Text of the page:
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Ultra-processed foods need tobacco-style warnings, says top nutritionist

Professor Carlos Monteiro argues that since UPFs and cigarettes both cause ‘serious illnesses and premature mortality,’ governments should restrict them in the same way
  • He is proposing front-of-pack warnings, banning or restricting advertisements, and taxing UPFs heavily





UPDATED: 28 Jun 2024, 7:25 am

One of the world’s top nutritional experts wants governments to treat ultra-processed foods (UPFs) like cigarettes through launching major public health campaigns to curb their consumption – including front-of-pack health warnings.

University of São Paulo professor Carlos Monteiro, who coined the term “ultra-processed foods” some years ago, told the Guardian that chemically modified food was “displacing” healthy diets worldwide and resulting in slews of serious yet avoidable health problems such as heart disease, cancer, diabetes, adverse mental health and obesity.

Monteiro is scheduled to talk about the increasing danger UPFs present to children and adults at the International Congress on Obesity in São Paulo this week.

[See more: Ultra-processed food is even worse for you than you think]

UPFs include fizzy drinks, instant noodles, fast-food, processed meat (like hotdogs and sausages), candy, packaged snacks and alcoholic drinks.

At the congress, Monteiro said he would propose banning or heavily restricting advertisements for UPFs, taxing them heavily (with the revenue being used to subsidise fresh food options), and banning their sale in both schools and health facilities.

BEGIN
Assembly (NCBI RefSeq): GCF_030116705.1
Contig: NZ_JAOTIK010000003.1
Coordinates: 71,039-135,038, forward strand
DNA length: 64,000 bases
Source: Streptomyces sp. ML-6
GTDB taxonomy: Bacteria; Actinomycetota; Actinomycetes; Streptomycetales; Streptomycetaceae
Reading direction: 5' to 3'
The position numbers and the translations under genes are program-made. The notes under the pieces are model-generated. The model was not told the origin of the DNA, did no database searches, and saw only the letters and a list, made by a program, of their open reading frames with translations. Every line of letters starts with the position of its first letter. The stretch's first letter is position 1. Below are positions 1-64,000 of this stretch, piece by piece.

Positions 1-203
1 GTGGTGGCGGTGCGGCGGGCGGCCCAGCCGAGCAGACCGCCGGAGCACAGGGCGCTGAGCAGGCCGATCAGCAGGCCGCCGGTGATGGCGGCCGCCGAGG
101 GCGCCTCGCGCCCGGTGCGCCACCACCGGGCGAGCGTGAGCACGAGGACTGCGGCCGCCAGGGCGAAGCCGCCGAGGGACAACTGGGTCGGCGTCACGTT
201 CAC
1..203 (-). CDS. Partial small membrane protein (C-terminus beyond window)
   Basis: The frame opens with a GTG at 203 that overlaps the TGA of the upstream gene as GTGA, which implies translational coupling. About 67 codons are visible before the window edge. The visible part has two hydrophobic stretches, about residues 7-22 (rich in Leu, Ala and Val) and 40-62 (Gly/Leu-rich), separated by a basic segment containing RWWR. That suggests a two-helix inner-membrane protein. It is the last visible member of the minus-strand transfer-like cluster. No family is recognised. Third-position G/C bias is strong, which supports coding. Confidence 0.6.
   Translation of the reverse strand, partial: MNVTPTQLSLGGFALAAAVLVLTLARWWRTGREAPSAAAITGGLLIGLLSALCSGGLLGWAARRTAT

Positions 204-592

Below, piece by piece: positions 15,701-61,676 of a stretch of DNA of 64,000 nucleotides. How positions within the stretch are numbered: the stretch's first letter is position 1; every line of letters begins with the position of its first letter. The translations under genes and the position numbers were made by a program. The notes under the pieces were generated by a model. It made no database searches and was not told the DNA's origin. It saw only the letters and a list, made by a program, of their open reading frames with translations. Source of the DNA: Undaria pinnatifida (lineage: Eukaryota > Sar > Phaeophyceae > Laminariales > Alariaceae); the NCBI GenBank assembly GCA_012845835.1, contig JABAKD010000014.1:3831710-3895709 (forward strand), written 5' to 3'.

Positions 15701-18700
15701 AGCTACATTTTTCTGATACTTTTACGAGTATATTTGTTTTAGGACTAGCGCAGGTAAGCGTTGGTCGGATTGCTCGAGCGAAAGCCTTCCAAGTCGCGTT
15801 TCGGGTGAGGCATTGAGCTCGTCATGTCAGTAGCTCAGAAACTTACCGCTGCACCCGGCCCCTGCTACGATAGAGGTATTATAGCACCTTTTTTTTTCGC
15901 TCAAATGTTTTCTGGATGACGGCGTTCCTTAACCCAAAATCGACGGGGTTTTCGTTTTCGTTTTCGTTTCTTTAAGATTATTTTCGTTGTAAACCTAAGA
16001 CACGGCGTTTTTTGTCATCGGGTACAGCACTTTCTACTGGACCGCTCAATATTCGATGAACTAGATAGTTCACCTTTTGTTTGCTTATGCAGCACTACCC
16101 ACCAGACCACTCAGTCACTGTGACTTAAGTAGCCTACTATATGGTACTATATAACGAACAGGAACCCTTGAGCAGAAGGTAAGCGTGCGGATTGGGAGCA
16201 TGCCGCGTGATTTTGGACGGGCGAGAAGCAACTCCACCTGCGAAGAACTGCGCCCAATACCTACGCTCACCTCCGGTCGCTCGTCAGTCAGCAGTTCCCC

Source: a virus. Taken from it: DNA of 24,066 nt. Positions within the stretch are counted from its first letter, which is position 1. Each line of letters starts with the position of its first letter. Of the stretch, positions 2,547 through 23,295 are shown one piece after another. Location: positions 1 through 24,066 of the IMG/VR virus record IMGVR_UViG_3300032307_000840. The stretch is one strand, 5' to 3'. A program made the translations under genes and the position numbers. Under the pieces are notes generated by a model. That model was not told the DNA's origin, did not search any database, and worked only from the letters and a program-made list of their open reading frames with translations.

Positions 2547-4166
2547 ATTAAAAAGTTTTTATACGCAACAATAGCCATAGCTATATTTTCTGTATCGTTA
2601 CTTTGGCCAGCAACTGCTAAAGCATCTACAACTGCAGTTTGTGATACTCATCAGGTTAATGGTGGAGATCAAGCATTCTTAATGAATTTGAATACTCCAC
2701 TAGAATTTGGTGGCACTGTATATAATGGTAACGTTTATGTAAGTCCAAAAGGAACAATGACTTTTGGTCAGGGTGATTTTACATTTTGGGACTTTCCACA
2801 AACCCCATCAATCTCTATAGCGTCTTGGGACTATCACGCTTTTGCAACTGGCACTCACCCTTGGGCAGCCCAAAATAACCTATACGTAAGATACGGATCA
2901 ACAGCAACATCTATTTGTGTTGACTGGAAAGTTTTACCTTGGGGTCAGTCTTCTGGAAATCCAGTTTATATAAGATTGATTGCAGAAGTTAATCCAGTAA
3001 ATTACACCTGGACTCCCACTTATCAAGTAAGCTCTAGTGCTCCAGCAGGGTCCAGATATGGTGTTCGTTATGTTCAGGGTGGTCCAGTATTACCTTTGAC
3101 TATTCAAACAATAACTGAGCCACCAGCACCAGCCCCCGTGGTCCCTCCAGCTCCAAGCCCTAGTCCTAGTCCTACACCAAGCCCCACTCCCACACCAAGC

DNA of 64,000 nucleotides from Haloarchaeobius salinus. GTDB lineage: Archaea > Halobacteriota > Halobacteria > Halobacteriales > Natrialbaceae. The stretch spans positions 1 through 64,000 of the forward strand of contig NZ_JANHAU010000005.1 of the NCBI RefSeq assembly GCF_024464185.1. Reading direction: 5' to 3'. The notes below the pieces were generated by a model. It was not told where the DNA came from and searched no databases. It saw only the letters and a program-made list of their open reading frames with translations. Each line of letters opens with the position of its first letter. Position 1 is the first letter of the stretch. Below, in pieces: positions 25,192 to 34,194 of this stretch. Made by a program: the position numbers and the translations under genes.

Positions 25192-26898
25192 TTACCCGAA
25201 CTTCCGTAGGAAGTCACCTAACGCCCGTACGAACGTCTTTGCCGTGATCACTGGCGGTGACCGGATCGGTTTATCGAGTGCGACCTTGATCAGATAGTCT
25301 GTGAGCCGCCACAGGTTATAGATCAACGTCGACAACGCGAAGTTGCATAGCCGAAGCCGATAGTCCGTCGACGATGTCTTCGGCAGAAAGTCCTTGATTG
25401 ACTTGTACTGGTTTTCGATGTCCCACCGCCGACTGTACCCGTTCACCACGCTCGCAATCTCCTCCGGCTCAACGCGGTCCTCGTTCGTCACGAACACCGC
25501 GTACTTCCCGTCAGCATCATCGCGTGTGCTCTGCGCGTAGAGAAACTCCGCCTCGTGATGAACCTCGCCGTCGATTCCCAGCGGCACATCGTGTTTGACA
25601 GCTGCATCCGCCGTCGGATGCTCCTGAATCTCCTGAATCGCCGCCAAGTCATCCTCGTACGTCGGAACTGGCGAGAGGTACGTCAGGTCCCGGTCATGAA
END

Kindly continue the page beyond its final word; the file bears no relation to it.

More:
“Front-of-pack warnings should be introduced similar to those used for cigarette packs,” he added.

[See more: Consuming refined carbohydrates can make you less attractive]

“Both tobacco and UPFs cause numerous serious illnesses and premature mortality; both are produced by transnational corporations that invest the enormous profits they obtain with their attractive [and] addictive products in aggressive marketing strategies, and in lobbying against regulation; and both are pathogenic by design, so reformulation is not a solution.”

Not all health professionals share Monteiro’s views, however. UK-based nutritionist and dietitian Dr Hilda Mulrooney told the Guardian that Monteiro’s approach was “very simplistic.”

“There is no such thing as a safe cigarette, even second-hand, so banning them is relatively straightforward in that the health case is very clear,” she said. “[But UPFs] are not the same as tobacco because we need food – just not in the quantities most of us are consuming.”

UPDATED: 28 Jun 2024, 7:25 am

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